- All tea varieties had detectable levels of cesium, tin, cadmium and arsenic
- Black tea contained unsafe levels of manganese
As the scientists point out, steeping tea for more than three minutes may increase the concentration of heavy metals by 10 to 50 percent. Tea origin matters, too. The brands sourced from China were the highest in contaminants. Additionally, the water used for brewing may contain heavy metals, too.
Lead, for example, accumulates in the body and may cause severe poisoning, warns the World Health Organization. Organ toxicity, impaired kidney function, high blood pressure, brain damage and convulsions are just a few of its side effects.
Aluminum is just as dangerous. When ingested in large amounts, it may lead to bone pain and deformities, confusion, anemia, mental disorders and respiratory problems.
Unfortunately, there is no way to eliminate these risks. However, you can reduce the disadvantages of tea by choosing an organic brand and avoiding those from contaminated regions, such as China. Also, don't let the leaves steep longer than three minutes. Enjoy this beverage in moderation and avoid using any herbs that you're not familiar with.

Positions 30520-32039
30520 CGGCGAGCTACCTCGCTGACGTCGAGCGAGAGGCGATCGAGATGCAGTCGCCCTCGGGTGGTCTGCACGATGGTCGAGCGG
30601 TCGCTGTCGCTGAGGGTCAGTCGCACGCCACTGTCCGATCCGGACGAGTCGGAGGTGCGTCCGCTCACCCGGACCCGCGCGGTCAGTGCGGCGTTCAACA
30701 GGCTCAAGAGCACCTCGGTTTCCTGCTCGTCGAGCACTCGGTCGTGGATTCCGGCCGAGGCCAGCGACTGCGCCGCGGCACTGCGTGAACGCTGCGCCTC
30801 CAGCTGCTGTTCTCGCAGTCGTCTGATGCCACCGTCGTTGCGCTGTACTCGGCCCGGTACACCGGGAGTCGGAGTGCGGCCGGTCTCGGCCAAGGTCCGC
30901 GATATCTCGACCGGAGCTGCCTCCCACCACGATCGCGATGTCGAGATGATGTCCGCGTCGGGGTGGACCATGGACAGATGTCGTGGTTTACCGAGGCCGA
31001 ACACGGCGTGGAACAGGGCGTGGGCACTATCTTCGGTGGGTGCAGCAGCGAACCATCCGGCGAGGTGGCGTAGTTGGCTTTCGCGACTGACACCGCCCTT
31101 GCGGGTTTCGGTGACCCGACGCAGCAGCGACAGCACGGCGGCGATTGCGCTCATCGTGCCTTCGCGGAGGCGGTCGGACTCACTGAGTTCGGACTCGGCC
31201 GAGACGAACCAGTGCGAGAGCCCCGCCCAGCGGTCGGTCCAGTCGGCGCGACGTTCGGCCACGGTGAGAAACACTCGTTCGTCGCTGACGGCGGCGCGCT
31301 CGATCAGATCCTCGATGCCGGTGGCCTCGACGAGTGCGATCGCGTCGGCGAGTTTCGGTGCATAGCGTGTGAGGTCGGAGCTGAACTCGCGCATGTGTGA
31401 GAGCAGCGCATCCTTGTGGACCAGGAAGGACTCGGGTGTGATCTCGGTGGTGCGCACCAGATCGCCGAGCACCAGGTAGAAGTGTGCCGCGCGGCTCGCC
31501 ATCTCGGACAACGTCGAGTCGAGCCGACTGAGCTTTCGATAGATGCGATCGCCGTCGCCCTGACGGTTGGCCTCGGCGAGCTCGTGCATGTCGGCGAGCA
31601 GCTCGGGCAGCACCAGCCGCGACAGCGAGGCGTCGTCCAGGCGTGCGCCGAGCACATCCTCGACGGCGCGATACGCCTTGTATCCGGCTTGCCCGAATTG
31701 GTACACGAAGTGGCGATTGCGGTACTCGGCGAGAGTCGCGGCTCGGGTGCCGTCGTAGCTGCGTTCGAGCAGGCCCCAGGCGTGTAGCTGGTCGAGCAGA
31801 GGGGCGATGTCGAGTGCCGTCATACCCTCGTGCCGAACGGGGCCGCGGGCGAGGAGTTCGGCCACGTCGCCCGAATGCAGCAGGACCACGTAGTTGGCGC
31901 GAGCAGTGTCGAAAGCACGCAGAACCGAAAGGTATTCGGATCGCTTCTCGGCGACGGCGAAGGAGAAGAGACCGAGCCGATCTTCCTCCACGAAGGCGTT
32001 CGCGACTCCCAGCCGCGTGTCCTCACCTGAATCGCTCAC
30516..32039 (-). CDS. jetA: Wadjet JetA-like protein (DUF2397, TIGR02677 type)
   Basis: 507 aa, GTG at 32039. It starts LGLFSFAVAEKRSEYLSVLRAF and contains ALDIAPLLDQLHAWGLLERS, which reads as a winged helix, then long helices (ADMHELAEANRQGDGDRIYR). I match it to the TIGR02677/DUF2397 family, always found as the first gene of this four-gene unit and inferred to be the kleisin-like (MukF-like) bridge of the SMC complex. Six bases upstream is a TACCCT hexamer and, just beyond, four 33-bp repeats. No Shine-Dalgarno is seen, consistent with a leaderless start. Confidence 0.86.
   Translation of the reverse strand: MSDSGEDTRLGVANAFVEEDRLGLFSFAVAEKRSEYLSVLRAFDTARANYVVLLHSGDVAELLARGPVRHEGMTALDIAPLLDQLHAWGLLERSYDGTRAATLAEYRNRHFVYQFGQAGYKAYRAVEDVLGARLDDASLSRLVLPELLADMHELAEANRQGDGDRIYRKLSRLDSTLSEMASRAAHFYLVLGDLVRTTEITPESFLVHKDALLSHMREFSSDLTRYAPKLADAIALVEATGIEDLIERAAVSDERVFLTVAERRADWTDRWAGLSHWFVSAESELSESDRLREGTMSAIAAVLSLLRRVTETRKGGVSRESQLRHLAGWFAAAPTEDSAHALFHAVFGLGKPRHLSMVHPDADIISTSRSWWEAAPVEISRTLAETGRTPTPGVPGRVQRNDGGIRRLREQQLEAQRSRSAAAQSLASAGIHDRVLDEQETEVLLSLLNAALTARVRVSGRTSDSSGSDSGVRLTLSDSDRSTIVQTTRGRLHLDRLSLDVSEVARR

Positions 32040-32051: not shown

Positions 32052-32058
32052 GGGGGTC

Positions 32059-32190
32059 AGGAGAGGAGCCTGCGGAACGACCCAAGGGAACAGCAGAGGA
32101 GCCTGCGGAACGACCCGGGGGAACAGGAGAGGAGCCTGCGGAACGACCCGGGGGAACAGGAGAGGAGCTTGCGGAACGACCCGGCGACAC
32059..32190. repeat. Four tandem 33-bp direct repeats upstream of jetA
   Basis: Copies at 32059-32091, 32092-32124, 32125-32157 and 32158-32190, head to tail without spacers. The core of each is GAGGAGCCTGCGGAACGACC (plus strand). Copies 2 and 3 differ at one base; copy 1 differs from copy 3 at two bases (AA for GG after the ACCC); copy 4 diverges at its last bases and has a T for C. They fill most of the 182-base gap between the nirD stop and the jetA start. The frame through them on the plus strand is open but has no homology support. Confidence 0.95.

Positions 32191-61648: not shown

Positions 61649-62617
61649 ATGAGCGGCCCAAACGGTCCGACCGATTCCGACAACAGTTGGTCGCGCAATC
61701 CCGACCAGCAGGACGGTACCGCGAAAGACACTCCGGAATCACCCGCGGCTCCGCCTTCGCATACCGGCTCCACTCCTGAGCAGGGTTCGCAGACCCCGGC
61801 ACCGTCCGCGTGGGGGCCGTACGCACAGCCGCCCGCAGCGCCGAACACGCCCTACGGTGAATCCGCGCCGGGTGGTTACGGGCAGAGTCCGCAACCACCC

- Current Pharmaceutical Design: "Tea and Health: Studies in Humans"
- European Medicines Agency: "Assessment Report on Senna Alexandrina Mill. (Cassia Senna L.; Cassia Angustifolia Vahl), Folium and Fructus"
- Journal of Advances in Medical and Pharmaceutical Sciences: "Fatal Herb Senna: A Case Report"
- European Medicines Agency: "Assessment Report on Symphytum Officinale L., Radix"
- NIH: "Comfrey"
- Penn State Health: "Stinging Nettle"
- Mayo Clinic: "Valerian: A Safe and Effective Herbal Sleep Aid?"
- National Capital Poison Center: "Valerian: Benefits and Risks"
- Journal of Toxicology: "The Benefits and Risks of Consuming Brewed Tea: Beware of Toxic Element Contamination"
- WHO: "Lead Poisoning and Health"
- Winchester Hospital: "Aluminum Toxicity"